The new public protector says she will leave the dispute over the state capture report prepared by h.
Thousands of young people in South Africa are languishing in prisons.
Most of them have been convicted on charges ranging from petty theft to gang rape, hijacking and murder. Some of them took drugs, knives and guns to school, while others are ruthless highjackers, heist gang members or crime syndicate members.
Due to various obstacles, including overcrowding, correctional services are not been able to reach these and other prisoners for interventions such as counselling and rehabilitation, and have therefore not been able to make a positive impact on them.
Yet it is possible to help the youth, especially the impressionable, malleable and starry-eyed ones, from following the same route by contributing towards changing or redirecting their minds.
Many groups and organisations, most of them operating in the non-government and non-profit arena, are doing their bit to change and or shift the youths' perceptions about crime as a glamorous way of life by shouting out phrases like "crime does not pay".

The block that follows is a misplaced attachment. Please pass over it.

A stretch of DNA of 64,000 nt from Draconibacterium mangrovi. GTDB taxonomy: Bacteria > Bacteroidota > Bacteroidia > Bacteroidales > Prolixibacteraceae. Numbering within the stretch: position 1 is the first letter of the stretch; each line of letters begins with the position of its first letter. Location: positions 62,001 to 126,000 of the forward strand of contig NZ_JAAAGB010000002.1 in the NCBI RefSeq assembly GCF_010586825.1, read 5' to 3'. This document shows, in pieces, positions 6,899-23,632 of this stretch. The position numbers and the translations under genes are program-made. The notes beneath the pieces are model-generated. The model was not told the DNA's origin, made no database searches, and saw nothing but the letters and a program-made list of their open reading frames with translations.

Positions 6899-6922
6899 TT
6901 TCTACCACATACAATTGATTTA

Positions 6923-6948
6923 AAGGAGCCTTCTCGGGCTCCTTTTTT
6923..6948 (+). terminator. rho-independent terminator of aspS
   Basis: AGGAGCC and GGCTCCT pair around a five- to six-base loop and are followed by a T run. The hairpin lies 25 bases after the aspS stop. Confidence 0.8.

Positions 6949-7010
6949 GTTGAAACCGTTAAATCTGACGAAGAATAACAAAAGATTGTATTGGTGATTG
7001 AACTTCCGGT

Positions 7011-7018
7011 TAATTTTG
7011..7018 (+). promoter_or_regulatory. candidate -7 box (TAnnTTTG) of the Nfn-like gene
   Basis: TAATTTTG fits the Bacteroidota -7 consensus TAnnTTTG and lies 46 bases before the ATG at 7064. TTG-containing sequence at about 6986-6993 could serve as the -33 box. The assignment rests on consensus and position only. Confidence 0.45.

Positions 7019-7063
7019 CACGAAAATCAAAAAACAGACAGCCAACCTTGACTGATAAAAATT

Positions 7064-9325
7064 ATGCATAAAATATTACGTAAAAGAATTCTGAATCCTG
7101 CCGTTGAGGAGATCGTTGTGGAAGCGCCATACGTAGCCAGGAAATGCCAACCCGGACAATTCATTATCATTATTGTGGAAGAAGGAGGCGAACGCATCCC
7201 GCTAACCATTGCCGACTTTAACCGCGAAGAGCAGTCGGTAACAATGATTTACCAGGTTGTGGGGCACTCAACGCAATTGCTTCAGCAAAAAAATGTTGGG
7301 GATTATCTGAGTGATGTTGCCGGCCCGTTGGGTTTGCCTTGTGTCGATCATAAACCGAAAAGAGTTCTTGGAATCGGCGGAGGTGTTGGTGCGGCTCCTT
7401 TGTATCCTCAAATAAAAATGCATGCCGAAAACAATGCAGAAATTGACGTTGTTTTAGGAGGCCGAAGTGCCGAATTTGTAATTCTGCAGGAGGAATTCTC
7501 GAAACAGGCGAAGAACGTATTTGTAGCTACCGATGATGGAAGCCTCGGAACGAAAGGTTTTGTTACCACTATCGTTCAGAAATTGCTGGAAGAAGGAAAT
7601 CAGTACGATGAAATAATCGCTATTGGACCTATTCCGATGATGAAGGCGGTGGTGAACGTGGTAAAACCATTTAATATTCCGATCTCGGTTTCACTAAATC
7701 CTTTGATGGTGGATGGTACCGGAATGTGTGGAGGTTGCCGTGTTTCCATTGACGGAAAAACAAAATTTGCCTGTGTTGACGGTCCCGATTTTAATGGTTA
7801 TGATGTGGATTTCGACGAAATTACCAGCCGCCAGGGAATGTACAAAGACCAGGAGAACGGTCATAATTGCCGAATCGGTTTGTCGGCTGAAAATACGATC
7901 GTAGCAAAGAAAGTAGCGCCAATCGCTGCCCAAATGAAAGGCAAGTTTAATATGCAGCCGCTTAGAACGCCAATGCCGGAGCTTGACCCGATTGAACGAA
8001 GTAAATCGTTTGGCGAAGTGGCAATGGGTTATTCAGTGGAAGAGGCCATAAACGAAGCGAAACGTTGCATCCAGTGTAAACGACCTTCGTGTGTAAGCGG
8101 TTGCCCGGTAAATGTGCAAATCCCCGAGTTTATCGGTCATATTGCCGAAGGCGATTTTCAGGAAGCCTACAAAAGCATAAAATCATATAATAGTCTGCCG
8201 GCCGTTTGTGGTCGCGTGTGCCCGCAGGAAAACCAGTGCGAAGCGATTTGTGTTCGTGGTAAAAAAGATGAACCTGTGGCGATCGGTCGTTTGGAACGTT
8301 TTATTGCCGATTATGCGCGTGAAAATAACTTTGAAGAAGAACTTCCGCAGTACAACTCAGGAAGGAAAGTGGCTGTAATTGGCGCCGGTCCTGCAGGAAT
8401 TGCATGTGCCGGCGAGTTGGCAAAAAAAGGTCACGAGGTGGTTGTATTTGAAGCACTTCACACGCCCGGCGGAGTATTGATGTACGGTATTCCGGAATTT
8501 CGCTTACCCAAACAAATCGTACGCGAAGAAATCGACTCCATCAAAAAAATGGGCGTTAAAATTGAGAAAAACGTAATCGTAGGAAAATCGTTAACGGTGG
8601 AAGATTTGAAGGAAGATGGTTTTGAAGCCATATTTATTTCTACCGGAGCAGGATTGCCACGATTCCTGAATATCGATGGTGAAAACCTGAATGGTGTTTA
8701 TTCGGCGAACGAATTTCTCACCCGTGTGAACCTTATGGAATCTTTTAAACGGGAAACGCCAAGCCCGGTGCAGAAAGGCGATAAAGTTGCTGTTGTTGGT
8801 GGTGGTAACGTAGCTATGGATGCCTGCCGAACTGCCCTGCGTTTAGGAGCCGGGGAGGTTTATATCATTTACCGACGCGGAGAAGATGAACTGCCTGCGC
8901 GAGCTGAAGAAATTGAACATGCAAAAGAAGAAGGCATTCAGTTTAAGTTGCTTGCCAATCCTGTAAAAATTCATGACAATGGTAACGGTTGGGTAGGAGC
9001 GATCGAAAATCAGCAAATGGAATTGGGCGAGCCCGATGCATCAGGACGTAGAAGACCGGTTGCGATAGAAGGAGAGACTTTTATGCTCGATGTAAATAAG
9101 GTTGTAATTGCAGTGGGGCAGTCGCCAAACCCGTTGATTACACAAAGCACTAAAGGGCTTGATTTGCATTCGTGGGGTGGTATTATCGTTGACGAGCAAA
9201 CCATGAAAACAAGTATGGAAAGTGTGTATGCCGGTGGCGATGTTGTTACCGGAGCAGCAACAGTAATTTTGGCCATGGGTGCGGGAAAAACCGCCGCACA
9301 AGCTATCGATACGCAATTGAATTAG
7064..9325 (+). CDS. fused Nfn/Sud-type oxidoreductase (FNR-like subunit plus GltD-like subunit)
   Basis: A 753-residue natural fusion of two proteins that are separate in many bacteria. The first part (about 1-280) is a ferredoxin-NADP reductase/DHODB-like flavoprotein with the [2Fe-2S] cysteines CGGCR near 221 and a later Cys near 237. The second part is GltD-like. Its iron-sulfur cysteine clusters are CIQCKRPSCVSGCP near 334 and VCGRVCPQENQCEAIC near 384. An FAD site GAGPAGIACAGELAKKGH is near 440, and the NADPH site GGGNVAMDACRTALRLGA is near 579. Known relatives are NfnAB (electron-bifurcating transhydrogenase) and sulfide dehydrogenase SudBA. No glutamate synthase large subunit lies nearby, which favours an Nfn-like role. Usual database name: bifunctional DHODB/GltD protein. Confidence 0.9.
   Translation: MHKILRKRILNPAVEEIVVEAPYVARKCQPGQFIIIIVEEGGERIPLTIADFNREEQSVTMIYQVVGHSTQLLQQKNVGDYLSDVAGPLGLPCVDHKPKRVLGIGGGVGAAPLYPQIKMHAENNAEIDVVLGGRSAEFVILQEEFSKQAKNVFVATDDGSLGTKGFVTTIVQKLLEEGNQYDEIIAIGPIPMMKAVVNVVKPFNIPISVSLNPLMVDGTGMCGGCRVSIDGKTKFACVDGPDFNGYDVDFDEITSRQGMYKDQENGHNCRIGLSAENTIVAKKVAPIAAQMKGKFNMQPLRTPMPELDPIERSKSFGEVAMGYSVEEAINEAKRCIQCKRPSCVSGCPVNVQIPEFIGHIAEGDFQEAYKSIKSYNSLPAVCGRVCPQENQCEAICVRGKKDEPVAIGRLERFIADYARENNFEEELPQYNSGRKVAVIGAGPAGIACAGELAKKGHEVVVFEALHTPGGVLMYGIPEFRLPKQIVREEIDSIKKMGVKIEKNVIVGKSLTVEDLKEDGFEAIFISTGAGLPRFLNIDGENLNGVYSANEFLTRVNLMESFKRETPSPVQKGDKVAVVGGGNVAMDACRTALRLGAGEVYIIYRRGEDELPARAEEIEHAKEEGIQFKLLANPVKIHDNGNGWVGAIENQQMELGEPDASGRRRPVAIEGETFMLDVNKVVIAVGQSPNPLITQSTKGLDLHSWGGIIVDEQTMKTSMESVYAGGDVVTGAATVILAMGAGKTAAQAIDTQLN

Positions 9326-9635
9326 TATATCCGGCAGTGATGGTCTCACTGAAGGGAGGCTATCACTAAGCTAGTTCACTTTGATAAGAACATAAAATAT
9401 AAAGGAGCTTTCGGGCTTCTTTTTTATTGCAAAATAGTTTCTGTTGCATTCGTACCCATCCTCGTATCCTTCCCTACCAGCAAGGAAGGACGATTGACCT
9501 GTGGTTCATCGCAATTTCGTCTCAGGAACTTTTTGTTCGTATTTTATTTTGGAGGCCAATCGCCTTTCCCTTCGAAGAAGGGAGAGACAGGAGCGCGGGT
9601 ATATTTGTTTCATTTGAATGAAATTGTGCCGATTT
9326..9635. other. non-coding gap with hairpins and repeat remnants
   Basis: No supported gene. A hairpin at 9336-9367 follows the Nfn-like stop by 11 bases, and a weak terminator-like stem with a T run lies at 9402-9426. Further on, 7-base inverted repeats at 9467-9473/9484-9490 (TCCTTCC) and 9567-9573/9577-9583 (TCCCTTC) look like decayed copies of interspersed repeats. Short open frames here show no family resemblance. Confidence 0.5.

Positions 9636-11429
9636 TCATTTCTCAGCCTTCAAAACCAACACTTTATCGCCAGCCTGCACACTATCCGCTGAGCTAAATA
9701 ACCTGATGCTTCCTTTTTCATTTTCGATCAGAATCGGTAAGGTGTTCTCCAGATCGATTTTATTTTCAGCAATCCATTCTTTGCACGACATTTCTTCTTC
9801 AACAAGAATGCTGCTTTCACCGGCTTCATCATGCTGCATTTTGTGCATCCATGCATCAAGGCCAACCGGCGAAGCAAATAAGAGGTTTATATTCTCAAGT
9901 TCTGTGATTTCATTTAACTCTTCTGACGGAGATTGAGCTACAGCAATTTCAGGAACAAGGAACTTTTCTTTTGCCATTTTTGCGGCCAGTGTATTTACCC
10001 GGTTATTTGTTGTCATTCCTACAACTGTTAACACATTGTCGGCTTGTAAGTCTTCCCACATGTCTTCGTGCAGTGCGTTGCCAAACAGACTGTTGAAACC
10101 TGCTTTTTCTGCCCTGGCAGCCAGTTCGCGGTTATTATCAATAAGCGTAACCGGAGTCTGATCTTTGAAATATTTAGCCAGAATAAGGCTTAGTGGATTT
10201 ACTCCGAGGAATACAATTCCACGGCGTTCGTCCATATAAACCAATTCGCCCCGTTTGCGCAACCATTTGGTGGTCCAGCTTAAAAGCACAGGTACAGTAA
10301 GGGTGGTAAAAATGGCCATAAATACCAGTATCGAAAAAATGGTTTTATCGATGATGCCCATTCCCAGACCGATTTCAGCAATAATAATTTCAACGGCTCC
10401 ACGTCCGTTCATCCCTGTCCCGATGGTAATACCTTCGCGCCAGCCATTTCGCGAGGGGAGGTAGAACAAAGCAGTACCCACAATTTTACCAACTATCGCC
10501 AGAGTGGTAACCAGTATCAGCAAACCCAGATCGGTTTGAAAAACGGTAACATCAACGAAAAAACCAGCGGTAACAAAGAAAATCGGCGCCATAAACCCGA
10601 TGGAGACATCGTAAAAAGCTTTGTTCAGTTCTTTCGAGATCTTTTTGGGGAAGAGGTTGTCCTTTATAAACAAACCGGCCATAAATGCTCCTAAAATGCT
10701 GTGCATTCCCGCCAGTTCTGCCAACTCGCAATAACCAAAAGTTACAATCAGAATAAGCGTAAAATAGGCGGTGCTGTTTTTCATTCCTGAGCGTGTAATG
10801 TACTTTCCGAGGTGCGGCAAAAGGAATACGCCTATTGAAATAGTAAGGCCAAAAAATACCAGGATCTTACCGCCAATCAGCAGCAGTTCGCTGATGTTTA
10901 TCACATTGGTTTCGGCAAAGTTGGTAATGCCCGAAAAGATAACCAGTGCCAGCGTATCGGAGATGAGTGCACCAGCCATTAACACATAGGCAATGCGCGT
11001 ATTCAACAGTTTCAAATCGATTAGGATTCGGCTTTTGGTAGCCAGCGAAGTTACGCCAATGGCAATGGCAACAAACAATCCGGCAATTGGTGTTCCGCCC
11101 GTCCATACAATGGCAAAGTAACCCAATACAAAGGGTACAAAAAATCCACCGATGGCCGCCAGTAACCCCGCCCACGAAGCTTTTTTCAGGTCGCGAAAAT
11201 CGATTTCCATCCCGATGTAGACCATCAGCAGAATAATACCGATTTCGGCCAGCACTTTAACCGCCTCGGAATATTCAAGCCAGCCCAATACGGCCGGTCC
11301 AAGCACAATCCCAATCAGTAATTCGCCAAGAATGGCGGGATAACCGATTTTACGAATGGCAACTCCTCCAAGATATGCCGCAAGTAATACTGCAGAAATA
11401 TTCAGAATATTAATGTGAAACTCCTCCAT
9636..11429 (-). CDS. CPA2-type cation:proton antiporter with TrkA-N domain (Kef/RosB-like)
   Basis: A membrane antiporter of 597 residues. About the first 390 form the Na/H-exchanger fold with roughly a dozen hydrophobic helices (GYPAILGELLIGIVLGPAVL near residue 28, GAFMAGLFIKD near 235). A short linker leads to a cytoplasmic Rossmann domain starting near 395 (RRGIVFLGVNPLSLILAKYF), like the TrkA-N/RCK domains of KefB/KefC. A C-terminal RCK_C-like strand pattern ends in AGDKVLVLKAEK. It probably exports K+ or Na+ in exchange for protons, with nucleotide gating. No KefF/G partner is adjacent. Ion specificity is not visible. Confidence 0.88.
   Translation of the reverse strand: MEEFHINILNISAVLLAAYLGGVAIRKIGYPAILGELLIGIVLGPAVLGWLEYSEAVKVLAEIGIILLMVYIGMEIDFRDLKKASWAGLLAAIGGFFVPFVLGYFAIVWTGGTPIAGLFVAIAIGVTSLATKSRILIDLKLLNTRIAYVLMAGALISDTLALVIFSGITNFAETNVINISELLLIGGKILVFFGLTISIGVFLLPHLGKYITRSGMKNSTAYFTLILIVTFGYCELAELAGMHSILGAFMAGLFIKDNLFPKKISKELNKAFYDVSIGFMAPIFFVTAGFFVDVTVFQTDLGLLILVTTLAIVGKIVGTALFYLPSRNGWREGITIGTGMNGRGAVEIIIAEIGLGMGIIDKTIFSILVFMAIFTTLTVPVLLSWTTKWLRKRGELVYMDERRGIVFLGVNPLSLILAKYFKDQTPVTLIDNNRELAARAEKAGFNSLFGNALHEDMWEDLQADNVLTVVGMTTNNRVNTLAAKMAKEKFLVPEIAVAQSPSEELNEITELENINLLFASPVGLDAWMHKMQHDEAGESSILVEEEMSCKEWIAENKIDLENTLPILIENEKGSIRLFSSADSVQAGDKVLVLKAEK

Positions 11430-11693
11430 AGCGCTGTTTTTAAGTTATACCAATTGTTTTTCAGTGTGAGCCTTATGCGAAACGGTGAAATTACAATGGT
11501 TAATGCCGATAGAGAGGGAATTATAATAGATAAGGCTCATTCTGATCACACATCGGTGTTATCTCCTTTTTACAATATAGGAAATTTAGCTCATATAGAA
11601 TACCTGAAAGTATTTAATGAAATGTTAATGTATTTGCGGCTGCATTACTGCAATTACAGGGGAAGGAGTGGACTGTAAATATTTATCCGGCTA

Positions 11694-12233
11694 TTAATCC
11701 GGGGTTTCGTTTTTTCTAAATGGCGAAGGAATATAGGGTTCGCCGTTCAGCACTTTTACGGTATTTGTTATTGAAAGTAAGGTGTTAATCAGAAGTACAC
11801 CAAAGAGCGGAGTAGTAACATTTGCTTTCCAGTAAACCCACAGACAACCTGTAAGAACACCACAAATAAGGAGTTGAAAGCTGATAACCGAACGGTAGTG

One of these initiatives is Dramatists Against Crime, which launched the Stop Crime Drama Festival.
The festival encourages young people to produce their own plays with strong anti-crime themes, featuring other young authors, directors, actors, stage managers and even those setting up the props and plotting lights and positions on stage.
The festival started as a Gauteng-based youth development project 11 years ago. Later, it started touring South Africa, but unfortunately it failed to take off as an effective anti-crime tool due to limited funding.
But things seem to be looking up. Last year, Sowetan adopted the festival as part of the youth development activities of the Aggrey Klaaste Nation Building Foundation.
This year, the North West department of arts and culture is hosting the 11th yearly edition of the festival, together with new organising and sponsoring partners, Sowetan for the Aggrey Klaaste Nation Building Foundation and Absa Bank for the Absa Foundation).
The National Arts Council and the Department of Arts and Culture have also been supporting the anti-crime initiative youth festival over the years.